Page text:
Anyways, I was recruited to help record the results for the races, so I at least had a seat. However, it was crazy windy (gusts of 50kmph all day) and we were in the middle of a field. The races took a LONG time, and the sun started to set and the wind turned cold quickly. Because I was a recorder, I couldn’t take refuge in the kombi. Regardless of the wind and chill, it was a nice day and I was able to take a lot of great pictures. Someone had brought a megaphone, and I swear someone was talking through it the entire 5 hours I was there. At one point, I took it away and told one guy that we’d had enough….he took it back and started alternating between the whistle and siren functions. My host brother and sister were both there, and my brother took first place in his race, and my sister made it in the top six. At about 6pm, the races finally ended and we rolled out of the village as the sun set. We rolled through the bushveld in the dark, successfully avoiding the cows on the side of the road and driving through PILES of tumbleweed. We got to my village an hour later and the driver dropped me and my host siblings off right at my gate.

I am so exhausted right now, and forced myself to write this tonight. Tomorrow’s going to be a LONG day, and I’m sure I’ll be exhausted still.
-Jen

Some of the winning kids waiting to record their names.

Some of the winning kids waiting to record their names.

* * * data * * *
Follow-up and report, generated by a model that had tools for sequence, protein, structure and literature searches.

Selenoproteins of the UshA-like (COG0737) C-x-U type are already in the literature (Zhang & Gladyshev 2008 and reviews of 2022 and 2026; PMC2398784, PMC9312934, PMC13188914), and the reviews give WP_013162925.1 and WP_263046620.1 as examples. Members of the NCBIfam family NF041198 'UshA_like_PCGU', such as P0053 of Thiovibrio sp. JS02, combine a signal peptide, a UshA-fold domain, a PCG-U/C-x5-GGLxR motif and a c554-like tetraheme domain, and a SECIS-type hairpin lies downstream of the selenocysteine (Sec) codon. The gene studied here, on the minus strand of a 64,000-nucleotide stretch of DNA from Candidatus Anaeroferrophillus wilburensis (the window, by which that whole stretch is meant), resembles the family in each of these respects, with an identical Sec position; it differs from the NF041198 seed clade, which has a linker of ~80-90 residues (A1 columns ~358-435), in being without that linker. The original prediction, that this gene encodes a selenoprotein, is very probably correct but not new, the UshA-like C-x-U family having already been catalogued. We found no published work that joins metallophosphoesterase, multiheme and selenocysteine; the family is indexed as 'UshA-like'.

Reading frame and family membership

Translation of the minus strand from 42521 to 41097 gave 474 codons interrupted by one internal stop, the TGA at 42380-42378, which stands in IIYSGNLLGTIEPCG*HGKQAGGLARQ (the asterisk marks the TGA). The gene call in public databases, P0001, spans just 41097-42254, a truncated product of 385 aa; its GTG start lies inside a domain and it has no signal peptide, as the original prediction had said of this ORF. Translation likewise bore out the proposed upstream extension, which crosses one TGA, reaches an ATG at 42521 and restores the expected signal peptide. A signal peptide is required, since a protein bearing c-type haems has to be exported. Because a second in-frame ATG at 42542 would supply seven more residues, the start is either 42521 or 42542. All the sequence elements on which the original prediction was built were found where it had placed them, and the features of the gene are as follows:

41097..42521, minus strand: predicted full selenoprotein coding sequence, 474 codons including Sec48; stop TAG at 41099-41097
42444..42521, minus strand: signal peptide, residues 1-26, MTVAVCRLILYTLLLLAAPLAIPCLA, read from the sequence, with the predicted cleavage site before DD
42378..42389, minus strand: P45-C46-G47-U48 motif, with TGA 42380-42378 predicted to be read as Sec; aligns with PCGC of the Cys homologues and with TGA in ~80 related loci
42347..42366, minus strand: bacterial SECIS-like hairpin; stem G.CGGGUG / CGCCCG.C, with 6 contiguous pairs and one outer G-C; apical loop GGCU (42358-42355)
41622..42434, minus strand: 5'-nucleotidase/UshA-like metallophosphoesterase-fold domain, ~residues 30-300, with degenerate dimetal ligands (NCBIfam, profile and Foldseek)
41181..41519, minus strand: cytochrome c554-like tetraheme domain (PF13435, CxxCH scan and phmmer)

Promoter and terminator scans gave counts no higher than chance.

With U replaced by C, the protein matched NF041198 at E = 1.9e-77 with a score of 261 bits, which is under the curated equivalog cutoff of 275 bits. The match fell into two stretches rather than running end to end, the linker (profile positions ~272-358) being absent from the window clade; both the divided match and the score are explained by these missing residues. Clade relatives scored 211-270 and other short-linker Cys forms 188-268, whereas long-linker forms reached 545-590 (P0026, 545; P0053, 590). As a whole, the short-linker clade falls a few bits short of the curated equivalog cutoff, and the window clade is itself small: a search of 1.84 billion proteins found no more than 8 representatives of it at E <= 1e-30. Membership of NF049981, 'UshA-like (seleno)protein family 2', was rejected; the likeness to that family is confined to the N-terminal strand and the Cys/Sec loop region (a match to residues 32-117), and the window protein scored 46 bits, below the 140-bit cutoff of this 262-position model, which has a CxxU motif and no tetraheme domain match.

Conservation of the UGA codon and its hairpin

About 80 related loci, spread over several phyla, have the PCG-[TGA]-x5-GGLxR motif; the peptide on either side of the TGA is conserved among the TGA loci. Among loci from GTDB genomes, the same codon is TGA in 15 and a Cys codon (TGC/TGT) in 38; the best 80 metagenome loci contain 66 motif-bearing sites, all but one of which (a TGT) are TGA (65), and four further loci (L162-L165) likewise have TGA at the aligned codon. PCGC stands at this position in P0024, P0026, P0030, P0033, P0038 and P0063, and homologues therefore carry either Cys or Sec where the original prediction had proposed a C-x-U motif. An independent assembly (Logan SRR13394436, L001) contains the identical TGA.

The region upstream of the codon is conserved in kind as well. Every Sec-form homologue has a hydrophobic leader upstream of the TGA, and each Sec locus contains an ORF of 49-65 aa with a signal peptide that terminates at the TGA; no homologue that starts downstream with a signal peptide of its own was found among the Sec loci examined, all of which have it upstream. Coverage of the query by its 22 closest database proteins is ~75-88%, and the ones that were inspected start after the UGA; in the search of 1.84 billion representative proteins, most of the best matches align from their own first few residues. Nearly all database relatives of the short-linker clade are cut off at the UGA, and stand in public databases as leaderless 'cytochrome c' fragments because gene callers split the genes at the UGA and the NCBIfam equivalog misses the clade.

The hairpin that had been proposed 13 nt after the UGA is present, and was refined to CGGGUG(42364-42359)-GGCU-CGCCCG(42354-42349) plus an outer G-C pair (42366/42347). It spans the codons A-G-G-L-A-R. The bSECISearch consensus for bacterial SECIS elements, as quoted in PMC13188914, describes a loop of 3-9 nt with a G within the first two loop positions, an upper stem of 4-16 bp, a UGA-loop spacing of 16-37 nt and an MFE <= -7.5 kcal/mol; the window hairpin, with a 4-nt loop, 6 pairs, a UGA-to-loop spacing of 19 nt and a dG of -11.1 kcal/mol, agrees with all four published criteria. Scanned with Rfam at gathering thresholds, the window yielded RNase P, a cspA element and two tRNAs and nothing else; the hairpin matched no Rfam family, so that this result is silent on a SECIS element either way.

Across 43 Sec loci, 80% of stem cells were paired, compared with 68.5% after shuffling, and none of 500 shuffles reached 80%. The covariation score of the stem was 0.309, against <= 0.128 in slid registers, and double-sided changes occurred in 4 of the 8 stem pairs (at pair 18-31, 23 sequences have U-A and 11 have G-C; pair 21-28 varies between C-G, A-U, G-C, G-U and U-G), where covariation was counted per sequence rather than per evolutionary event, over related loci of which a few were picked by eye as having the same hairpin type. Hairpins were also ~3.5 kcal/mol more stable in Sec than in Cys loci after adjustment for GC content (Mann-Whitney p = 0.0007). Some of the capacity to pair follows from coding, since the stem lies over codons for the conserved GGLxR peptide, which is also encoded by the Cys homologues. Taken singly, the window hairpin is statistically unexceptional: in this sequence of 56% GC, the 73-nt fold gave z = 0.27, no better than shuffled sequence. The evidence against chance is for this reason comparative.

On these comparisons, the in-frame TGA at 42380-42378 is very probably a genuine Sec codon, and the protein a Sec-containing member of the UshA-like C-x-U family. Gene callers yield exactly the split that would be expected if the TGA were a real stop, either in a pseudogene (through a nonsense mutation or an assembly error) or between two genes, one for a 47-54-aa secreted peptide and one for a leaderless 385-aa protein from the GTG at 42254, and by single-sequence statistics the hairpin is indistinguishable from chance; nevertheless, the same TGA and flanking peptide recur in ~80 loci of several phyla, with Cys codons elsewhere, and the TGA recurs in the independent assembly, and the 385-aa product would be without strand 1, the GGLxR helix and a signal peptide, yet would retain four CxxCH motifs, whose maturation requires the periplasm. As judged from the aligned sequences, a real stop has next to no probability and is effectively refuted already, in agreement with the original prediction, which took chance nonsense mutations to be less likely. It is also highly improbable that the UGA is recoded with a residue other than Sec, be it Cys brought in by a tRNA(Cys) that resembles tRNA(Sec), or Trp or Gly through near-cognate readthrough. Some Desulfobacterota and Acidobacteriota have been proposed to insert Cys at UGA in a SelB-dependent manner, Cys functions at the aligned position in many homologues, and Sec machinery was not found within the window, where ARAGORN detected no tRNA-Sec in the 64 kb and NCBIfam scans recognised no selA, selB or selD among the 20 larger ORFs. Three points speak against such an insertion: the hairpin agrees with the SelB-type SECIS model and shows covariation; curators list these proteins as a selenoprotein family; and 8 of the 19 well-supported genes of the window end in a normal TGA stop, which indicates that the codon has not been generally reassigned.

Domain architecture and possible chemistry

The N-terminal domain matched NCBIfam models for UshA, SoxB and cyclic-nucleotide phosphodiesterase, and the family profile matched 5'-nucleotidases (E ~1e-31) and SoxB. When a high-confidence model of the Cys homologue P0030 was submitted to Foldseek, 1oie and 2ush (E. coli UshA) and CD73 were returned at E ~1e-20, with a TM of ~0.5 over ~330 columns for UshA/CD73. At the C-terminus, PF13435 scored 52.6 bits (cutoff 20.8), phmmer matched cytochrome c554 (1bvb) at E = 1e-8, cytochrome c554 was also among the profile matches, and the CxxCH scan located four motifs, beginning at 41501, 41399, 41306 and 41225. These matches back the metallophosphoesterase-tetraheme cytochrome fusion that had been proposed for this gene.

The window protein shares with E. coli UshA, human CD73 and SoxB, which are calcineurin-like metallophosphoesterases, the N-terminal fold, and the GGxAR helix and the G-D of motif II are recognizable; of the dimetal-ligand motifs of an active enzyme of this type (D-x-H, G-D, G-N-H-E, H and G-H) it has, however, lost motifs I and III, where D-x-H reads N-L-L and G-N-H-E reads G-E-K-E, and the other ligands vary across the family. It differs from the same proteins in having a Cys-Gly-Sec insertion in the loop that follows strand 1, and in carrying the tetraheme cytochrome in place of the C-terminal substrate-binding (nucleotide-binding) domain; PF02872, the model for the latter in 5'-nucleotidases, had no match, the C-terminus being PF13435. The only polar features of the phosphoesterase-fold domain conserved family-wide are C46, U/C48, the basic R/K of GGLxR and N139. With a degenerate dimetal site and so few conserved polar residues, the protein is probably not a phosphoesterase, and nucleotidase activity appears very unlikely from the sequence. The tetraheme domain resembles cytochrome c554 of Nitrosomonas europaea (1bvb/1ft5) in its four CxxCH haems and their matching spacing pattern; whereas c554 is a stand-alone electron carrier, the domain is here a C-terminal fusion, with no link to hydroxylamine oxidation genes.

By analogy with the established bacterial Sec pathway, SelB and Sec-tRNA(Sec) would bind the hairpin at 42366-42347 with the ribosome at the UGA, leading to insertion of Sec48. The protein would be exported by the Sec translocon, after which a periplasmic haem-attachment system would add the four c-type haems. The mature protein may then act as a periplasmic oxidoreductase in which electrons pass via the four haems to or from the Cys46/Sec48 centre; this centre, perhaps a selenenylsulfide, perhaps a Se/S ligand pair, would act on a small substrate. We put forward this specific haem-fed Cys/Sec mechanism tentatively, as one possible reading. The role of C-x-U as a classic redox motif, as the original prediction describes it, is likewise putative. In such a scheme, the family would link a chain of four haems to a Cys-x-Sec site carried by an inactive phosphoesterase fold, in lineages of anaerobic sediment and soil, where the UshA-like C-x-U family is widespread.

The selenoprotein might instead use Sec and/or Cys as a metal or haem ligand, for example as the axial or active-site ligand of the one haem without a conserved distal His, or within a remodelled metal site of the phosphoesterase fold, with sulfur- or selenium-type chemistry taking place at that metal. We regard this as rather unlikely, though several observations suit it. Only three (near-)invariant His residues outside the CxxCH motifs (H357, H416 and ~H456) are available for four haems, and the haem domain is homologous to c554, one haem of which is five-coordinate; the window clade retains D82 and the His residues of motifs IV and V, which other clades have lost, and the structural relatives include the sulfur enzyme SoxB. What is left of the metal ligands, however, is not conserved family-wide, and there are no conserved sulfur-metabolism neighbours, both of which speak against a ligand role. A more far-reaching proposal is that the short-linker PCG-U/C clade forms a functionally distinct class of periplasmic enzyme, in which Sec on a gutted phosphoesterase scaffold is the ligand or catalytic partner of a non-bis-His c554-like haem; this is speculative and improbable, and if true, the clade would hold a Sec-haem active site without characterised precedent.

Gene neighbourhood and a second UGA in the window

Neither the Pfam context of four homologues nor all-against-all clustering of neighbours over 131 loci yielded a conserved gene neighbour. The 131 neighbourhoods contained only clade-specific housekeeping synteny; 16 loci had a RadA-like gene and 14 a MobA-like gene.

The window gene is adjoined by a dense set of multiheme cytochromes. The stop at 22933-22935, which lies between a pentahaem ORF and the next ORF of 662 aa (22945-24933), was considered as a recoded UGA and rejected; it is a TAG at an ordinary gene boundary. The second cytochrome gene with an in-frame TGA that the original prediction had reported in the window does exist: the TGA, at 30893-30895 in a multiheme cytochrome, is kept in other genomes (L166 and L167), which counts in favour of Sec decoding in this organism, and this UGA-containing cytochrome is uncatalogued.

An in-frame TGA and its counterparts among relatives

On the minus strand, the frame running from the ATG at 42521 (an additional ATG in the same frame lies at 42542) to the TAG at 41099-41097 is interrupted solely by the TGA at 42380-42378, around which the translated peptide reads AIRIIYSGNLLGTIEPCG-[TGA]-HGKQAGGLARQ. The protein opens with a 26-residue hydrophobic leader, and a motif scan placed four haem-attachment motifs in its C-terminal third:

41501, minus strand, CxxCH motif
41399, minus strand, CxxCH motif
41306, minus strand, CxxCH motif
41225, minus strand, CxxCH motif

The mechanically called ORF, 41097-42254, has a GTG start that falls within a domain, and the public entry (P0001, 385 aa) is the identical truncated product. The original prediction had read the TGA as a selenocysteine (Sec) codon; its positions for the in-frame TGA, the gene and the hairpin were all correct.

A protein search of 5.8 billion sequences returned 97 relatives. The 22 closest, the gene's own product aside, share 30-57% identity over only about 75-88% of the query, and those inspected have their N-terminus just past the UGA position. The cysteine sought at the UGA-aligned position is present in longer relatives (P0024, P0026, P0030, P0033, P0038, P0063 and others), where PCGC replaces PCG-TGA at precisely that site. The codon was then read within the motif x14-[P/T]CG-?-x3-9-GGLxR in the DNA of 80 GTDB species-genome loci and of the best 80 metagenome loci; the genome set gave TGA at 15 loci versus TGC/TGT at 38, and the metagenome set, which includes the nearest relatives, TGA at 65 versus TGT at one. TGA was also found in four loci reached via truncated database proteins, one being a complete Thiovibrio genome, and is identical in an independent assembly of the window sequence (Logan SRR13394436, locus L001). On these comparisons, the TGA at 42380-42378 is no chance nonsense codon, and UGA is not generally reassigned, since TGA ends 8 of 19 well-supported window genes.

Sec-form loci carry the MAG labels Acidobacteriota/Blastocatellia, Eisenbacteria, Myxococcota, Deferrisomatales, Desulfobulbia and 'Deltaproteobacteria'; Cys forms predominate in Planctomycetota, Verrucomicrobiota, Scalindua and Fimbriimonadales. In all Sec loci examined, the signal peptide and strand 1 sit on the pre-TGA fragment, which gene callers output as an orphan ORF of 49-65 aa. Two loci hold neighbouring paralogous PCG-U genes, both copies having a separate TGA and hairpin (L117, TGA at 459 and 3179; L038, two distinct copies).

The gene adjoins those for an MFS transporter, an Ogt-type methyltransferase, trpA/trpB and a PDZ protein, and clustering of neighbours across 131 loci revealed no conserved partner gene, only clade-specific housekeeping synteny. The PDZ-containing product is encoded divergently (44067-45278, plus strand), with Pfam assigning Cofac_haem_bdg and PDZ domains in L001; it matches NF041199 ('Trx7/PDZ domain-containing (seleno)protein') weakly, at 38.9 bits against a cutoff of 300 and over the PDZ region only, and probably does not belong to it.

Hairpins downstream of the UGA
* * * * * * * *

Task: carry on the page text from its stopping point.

One of the learners realizing he wasn't placing in the top six as he approached the finish line.

One of the learners realizing he wasn’t placing in the top six as he approached the finish line.

Kids finishing a race.

Kids finishing a race.

Learners in the kombi on the ride home.

Learners in the kombi on the ride home.

The Little Ones

Little kids have no inhibitions, and you can find out what life’s really like from them.

Most people in my village no longer shout in surprise when they see the white person walking through. They have gotten used to me, but I’m not sure the little ones ever will. Just last week, I walked past my neighbor’s house, and a chorus of “lekgoa lekgoa!” followed me around. I shouted “AHEE” to all their “Dumela Dumela LEKGOA Dumela!!” and laughed as I walked to my home.

Last month, as I passed another house I frequently walk by, I heard the crowd of little ones babble amongst themselves, then shout to me, “lekgoa!” I’ve greeted these kids numerous times, and decided it was time to teach them. So I said, “Ay! Ke Keamogetswe! Mme Keamogetswe! Dumela!” Hey, I am Keamogetswe! Miss Keamogetswe! Hello! They all laughed and started the rounds of “Dumela!” and waited to see if I would great each one individually. At least they stopped yelling lekgoa since then, and the adults at the house were getting a kick out of watching the lekgoa.

Outside my village, it’s another story. White people are still a new concept everywhere around outside Vryburg. I was in Ganyesa recently, a large village with a Shoprite (which makes it a major destination) with another PCV. He saw some guys pushing a car, and stopped to help while I guarded his bag. I waved to the little ones in the backseat, and they just stared, mouths open, eyes wide as can be. I could just tell that they did not understand why a white person was there and why I was waving at them. There were quite possibly terrified.

All the little ones in my village were once like that, and I just had to laugh at their blatantly shocked faces. Now, though, they compete to see who can greet me the most, and often babble on in Setswana while I try not to laugh at their cuteness. It’s from the kids that I know my village has accepted me, and that I’m becoming integrated.

And darn, these little ones are SO cute.
-Jen

P.S. Lekgoa means white person, if you didn’t know. It may be my unofficial nickname. And was how my principal introduced me to the School Governing Board-“Our Lekgoannyane” Our little white person. 🙂